Dyeing and knitting Suffolk socks

This post is part of the Tuff Socks Naturally project, an open, collaborative project exploring more sustainable alternatives to superwash and nylon in sock yarn. You can join in on the discussion, share pics and projects on this blog or the glorious Needle and Spindle or on instagram using the hashtag #tuffsocksnaturally.

Once upon a time there was some raw Suffolk fleece.  And then, it was spun into a 3 ply yarn.  And then, it met several eucalyptus dye baths… and then a nice gentle soaking rinse or three…

A series of small skeins arose.

They were weighed and wound into balls by hand and prepared for hand knitting. This picture captures the colours best, I think.

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There was knitting on public transport.

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there was knitting on the road to Warrnambool.

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There was knitting on the way back.

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And finally… on a day so overcast as to leach colour from the knitting:

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There were socks long enough to go all the way to the top of a gumboot (wellington, galosh) on a chilly morning feeding donkeys.  These socks are bound for a lovely friend who keeps a small farm with a lot of chickens and some rescue donkeys.  She had some specific requirements!  She wasn’t the least bit concerned about socks that would not be silky soft.

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On top of the 3 ply, Suffolk yarn with high twist (and on the thick side for socks), I reinforced heels and toes with silk/cotton thread.  I dyed some in eucalyptus but underestimated how much I was going to need.  When I ran out while on the road (to dye camp!) I wasn’t prepared to stop.

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I think the reality about these socks is that they have been knit at a dense gauge that will hopefully result in long wear even in a gumboot, but it is not very stretchy!

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8 Comments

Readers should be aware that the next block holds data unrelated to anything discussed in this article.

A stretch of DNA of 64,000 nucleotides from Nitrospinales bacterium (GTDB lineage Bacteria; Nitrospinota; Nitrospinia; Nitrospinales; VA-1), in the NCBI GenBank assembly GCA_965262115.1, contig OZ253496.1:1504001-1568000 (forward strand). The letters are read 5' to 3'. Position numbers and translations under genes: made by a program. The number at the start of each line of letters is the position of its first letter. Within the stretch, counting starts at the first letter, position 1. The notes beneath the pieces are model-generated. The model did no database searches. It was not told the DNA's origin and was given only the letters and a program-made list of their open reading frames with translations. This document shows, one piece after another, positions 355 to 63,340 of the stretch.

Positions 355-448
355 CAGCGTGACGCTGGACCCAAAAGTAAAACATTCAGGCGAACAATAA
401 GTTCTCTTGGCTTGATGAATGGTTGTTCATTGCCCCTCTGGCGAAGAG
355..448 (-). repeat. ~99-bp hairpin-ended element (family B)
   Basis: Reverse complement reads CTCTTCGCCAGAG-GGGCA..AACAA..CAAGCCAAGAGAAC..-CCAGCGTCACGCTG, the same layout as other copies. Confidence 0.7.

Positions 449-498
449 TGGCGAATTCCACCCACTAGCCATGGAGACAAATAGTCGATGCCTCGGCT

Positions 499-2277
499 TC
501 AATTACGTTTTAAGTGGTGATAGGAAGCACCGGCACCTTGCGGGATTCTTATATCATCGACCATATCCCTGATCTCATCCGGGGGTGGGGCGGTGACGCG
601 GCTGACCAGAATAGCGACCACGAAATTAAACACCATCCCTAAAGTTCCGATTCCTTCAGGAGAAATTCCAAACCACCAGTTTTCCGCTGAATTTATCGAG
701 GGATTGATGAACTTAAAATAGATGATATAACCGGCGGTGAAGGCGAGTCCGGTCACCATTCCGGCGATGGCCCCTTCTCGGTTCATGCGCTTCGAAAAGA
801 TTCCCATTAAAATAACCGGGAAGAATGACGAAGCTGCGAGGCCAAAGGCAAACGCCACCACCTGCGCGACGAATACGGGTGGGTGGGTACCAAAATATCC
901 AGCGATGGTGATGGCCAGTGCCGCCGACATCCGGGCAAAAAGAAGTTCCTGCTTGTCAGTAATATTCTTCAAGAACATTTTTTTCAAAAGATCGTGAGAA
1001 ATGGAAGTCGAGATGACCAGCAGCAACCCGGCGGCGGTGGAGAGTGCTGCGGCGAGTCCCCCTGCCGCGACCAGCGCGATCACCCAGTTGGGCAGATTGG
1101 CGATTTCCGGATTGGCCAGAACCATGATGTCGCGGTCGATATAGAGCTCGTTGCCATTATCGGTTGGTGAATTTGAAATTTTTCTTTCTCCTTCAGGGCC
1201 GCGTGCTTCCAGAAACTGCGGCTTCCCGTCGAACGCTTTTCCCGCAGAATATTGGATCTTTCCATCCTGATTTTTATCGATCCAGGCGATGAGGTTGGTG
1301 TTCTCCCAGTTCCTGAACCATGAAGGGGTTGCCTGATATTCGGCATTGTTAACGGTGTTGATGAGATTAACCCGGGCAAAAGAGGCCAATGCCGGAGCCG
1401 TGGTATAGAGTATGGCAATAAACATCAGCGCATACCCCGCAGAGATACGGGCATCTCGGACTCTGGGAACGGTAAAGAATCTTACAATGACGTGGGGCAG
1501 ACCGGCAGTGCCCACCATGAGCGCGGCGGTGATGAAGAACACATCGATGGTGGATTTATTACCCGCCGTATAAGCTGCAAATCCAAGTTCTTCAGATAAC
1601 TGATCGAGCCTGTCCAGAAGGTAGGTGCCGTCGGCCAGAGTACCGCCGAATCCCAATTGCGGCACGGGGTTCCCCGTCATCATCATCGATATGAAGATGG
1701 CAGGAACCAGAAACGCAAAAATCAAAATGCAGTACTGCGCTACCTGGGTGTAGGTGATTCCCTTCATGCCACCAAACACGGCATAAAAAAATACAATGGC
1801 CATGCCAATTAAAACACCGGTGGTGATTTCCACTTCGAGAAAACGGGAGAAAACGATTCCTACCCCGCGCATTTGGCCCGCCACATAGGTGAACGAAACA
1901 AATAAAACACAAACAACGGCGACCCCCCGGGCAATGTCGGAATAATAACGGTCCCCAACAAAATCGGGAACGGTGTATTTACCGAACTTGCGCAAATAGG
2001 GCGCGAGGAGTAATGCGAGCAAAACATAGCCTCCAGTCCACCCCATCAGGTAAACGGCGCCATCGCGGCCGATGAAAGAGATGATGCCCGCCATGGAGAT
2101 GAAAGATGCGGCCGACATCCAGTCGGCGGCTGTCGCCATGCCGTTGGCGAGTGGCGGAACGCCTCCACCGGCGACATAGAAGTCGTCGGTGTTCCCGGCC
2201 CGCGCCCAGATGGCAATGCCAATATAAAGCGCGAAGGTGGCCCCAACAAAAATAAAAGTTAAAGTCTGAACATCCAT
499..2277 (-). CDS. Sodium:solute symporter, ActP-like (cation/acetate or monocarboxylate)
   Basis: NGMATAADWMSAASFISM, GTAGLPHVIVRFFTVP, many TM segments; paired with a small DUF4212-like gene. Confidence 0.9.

Filed under Knitting, Natural dyeing, Spinning

8 responses to “Dyeing and knitting Suffolk socks

  1. I love them! Hopefully they will last long 🙂

    Liked by 1 person

  2. Oh gorgeous socks, wonderful colours, I wish I wish.

    Liked by 1 person

    • Thank you! And–it’s only about choices, Penny. You might just sew or walk on the beach instead, and that isn’t a problem, is it? It’s a different form of happiness.

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  3. Rebecca

    I am in absolute awe that not only have the socks been spun from fleece but dyed and reinforced as well! Habe you tried that kind of reinforcing before? How was the Suffolk to spin and knit? I am struggling to get my spinning fine enough for a true sock yarn, are you finding this too? Brilliant addition to the Tuff Socks Naturally stable.

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    • Thanks, Rebecca! The Suffolk is coarser than some fleeces I spin, and a lot shorter. But this Kangaroo Island fleece is longer stapled than other Suffolk I have encountered and it sure does make a springy yarn, and no sign of felting in washing at all. I took a lot of pictures when I was skirting and washing it so perhaps I should create a post about prep as you did with the Shropshire. To be honest, I think I prefer dealing with not-so-fine fleeces. I have tried this reinforcing strategy before but not long enough ago to have a lot of feedback. This yarn is thicker than your average commercial sock yarn, so the answer to your question should probably be an emphatic YES. But once I spun 200g of roving into a 3 ply sock yarn and it was too fine! I don’t think that would be possible [for me] with the Suffolk batts. Nothing defeats my intentions for hard wearing sock yarn more readily than superfine yarn.

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